First, I just want to thank Toni for inviting me to be part of such a cool discussion! Novella series are popping up more and more and getting an increasing amount of attention. They can be equally as frustrating as they are exciting. They can be just the right amount of fiction or depressingly not enough. And even though they are short and sweet, they can also be extremely complicated.

And that’s what I’m going to talk about today! The Pros and Cons of the Novella Series.

Really, I’m not an expert though. And the only advice I have to give you was earned through my own experience. So I’m going to start with my journey into the Novella World and Zombies.

I can credit a huge portion of my success to my husband, Zach. He is the Idea Man in this household, where I’m just the talent. And that is so very true, I can’t even joke about it. So when he has an idea, I tend to sit up and listen. A year ago, he came to me with the idea of writing a Zombie story. And wait, he said, you should write them as novellas and release them every two weeks.

And me, being the creative person that I am, said, “That is so adorable. What a cute idea you have.” He rolled his eyes at me. But he also didn’t give up. He kept trying his best to convince me to jump on board. And I kept thinking, is he crazy?? I can’t write about Zombies! I can’t even fathom reading a Zombie story, let alone writing one! Plus… nobody would read it anyway. And how obnoxious to have to wait for two weeks?

But… he kept bringing up the idea. And every time he mentioned it, I would start to subconsciously develop a little piece of what would eventually turn into Love and Decay.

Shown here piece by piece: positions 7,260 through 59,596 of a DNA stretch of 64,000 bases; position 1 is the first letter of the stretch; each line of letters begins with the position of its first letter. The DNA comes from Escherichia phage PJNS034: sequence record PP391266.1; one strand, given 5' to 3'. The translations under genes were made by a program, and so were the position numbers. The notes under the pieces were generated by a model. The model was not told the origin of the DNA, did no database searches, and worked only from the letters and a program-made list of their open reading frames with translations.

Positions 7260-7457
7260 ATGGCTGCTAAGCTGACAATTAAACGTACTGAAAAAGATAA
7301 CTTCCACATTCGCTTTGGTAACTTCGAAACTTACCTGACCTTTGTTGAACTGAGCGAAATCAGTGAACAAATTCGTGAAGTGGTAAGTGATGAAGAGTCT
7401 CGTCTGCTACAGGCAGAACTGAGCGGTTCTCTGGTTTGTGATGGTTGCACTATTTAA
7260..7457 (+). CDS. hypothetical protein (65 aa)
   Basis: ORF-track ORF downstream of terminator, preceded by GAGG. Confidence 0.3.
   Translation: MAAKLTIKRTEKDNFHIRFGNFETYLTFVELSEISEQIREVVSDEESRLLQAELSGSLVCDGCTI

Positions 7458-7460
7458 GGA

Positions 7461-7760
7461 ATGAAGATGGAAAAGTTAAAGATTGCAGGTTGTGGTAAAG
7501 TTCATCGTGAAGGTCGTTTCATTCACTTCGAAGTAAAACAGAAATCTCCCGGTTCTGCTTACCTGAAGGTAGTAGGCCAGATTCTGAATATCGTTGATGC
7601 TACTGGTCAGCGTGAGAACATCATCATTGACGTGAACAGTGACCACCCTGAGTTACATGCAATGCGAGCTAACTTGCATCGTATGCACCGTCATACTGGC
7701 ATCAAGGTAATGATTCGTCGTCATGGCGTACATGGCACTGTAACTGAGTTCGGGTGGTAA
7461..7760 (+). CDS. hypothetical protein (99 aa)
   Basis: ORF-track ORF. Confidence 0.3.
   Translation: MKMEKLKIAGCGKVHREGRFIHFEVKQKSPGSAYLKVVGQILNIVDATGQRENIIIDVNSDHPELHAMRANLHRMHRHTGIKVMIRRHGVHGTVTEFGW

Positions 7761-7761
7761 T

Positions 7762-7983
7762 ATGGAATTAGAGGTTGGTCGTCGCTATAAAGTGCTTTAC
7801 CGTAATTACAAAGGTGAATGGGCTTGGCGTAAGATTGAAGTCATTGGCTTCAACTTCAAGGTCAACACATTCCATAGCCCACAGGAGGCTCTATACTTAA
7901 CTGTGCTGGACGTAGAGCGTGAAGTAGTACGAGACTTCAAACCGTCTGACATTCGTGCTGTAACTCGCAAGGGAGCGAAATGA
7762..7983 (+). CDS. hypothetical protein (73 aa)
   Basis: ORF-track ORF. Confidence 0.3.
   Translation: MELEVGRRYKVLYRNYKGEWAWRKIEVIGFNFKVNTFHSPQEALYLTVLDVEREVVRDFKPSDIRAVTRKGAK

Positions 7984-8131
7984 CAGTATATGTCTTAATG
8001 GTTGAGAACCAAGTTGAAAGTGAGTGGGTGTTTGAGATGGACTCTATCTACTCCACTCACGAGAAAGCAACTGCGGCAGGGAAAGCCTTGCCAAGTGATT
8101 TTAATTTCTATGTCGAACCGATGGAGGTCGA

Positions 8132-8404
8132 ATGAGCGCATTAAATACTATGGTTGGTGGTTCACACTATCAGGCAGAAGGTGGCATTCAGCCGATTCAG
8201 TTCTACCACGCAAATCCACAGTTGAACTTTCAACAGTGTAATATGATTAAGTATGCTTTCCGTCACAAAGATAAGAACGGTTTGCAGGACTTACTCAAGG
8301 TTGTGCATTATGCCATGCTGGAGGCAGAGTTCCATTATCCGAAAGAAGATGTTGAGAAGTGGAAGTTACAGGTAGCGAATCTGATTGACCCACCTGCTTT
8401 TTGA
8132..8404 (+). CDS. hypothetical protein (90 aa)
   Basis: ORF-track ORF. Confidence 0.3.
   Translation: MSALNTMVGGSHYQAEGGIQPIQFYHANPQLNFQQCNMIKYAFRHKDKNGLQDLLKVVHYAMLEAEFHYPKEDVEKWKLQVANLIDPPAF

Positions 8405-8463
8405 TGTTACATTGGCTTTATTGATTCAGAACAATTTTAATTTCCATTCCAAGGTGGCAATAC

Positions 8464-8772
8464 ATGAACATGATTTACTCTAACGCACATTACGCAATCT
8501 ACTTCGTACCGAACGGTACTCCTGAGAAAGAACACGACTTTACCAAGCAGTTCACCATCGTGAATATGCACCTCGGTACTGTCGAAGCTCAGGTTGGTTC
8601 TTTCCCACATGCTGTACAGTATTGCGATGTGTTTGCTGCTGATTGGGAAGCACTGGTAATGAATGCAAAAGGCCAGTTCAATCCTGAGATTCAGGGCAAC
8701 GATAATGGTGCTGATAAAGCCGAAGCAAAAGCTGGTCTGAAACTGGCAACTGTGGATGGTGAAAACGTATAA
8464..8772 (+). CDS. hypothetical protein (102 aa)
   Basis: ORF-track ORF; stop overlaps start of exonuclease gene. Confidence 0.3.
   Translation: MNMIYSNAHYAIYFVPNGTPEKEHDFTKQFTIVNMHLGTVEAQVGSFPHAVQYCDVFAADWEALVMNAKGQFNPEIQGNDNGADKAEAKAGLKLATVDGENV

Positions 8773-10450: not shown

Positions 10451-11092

Finally, last summer, we were on this long drive back from UtopYA, which is in Nashville. We had a twelve hour drive and I had my computer plugged in and ready for all that delicious quiet time. He brought up the idea one more time. It was almost like he pitched it to me. And that was it. The story bloomed into something substantial inside my head and I had to write it.

I worked on it the entire drive home and by the time we arrived back in Omaha, I had Episode One written. The journey up to releasing the first in the series took a whole lot more work and included plotting out the three seasons I decided I needed in order to say everything I wanted to, deciding that I would call my segments “episodes” because they are written very much like you would watch a one-hour TV show, and pumping myself up enough to believe I could actually accomplish what I planned on accomplishing- which would be a 20k-ish novella every two weeks.

The first episode released in July, 2013 and nobody read it.

To be fair, I hadn’t actually publicized it… I was so very afraid of this project that I told nobody about it. But I have an awesome readership. And they found it anyway.